Chwarae Teg calls for workplace gender equality in Wales
Breaking down barriers women face in work is essential for tackling poverty and building a strong Welsh economy, a gender equality charity has said.
Cerys Furlong, chief executive of Chwarae Teg, said workplace gender equality was "an economic imperative".
She spoke ahead of giving evidence to the assembly's equalities committee on Wednesday as part of its inquiry into poverty in Wales.
The Welsh Government said it was "committed" to gender equality.
Ms Furlong said bridging the gender pay gap and enabling more women to work would increase GDP [gross domestic product] and improve productivity.
She said a lack of affordable childcare, inflexible working hours and poor public transport could lead to women either not working or forced into lower paid jobs that are less secure.
"The economy and the workforce as a whole will benefit from a more equal workforce, this should not just be seen as a 'woman's issue' but as everybody's business," she said.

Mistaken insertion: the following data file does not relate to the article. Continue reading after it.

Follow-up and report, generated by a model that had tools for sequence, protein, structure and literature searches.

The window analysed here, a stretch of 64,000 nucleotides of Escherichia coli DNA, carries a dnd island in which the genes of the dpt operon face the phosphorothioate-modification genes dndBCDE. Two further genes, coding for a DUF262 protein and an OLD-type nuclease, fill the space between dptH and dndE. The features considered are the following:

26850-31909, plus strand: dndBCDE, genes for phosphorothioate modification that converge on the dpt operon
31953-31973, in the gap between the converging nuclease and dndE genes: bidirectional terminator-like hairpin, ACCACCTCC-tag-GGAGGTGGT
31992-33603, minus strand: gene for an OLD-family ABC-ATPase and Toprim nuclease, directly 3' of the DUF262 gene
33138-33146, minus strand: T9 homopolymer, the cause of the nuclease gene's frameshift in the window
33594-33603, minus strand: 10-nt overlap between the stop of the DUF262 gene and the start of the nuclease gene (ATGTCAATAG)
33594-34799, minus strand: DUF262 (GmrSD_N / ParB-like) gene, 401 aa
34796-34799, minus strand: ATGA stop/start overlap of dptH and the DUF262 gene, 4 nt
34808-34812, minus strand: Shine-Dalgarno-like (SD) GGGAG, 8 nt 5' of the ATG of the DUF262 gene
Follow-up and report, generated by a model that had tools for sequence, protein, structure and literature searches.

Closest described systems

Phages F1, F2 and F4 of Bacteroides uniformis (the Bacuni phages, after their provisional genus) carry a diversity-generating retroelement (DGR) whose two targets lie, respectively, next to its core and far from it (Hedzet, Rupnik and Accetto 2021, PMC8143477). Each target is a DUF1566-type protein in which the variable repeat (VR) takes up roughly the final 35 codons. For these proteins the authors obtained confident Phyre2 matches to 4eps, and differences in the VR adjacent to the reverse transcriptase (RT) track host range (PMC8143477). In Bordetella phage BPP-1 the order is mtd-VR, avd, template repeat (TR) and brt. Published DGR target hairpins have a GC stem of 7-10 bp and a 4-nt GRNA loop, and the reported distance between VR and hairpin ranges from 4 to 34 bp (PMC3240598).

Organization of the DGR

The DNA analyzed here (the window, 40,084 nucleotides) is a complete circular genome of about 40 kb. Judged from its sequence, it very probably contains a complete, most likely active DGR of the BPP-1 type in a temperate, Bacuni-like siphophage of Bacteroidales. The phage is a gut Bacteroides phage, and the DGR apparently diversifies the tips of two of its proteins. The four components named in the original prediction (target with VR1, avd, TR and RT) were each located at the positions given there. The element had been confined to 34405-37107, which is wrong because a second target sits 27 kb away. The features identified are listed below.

She added: "For too long, action to address inequalities in workplaces has been seen as a 'nice to have' but if we are to build a truly strong and resilient economy here in Wales then gender equality is an imperative."
Ms Furlong said Chwarae Teg was working with employers across Wales to help them implement "modern working practices such as flexible, home and results based working".
As well as these businesses being able to recruit and retain more female workers, they found their productivity levels had also increased, she added.
Reducing the gap
A Welsh Government spokeswoman said all public sector employers in Wales are required to report annually on gender pay gaps.
"We have invested £10m of EU and Welsh Government funds in the Agile Nation 2 project, delivered by Chwarae Teg, which will support some 2,200 women and work with 500 employers across Wales to promote female career advancement and help reduce the gender pay gap," the spokeswoman said.
"The project is focusing on nine key sectors of the Welsh economy, including advanced manufacturing, life sciences and health, and energy."
She added that the Welsh Government was going to pilot a government-funded early education and childcare package for working parents in seven areas from September.
This is set to be followed by a wider roll out throughout Wales.